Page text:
I mixed whole milk, buttermilk, salt and other seasonings over medium-high heat until curds started to form. I made two batches: one with fresh ground black pepper and another with Herbes de Provence. When the curds and whey were separated, I poured the mixture into a cheese cloth lined colander. Taking the four corners of the cheese cloth together in one hand and twisting the pouch of cheese with the other, I squeezed out the excess whey. When I opened the cheese cloth pouch, delicious soft cheese awaited. The light is terrible in these photos since the sun went down while I was playing with the fire pit, but you can kind of see the result.


When I considered what to do with the fresh cheese, I was inspired by my Sunday morning walk through Forest Hill Park. It was supposed to be seventy degrees and sunny on Sunday, but it was hard to believe the forecast first thing that morning. The air was cold and damp, and thick fog covered the city.


The hot sun was due to come out later, but morning in the park felt cold, wet, dark, and quiet. There was a damp earthiness in the air while I mentally planned meals for the week, and I remember thinking I would have to cook mushrooms to match this mood.


I really am not a fan of mushrooms, so I settled on beets. Cool, earthy, beets, golden in color and roasted in the oven, because if the weather can be ambivalent, then so can my dinner. This sandwich showcases the fresh cheese pretty well, so if you plan to make some soft cheese yourself, put this on the menu for the week ahead. We had black pepper buttermilk fresh cheese, sliced roasted golden beets, fresh arugula, and mandarin orange vinaigrette between two slices of toasted multigrain sourdough, and it was perfect.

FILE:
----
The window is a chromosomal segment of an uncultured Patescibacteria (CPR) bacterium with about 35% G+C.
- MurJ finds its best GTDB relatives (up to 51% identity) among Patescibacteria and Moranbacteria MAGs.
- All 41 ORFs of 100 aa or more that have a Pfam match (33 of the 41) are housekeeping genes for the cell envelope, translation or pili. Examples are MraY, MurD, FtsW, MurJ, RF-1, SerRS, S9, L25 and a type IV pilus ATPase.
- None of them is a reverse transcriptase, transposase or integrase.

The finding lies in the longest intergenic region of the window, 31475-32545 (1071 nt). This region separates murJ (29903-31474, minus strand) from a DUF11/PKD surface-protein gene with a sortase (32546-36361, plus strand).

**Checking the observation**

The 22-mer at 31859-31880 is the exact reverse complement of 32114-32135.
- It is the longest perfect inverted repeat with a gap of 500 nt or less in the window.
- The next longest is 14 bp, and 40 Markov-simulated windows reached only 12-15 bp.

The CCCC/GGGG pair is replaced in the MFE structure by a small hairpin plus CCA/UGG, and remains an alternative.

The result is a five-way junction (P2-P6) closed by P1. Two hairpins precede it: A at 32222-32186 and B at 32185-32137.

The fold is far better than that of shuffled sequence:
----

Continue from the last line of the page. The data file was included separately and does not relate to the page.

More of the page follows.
See what happens when I cook from the books? I think this is the start of something beautiful (or at least delicious).

Lighten up a Classic Comfort Food: Mexi Mac & Cheese

Sometimes you get a craving for comfort food. You know what kind of food I am talking about – cheesy, creamy, fluffy, delicious, made-with-love-and-an-extra-helping-of-butter comfort food. Everyone has a different food that is the culinary equivalent of a warm embrace. Mine is cheesy mashed potatoes. Yours might be macaroni and cheese, or pork BBQ, or fried pickles. Whatever your comfort food is, it is probably not on the light side. These dishes tend to be indulgences that should be enjoyed in moderation. But I want to have them all the time! So the next best thing to a traditional comfort food is one that has been lightened up a bit so you don’t have to feel so guilty for eating the leftovers a few nights in a row.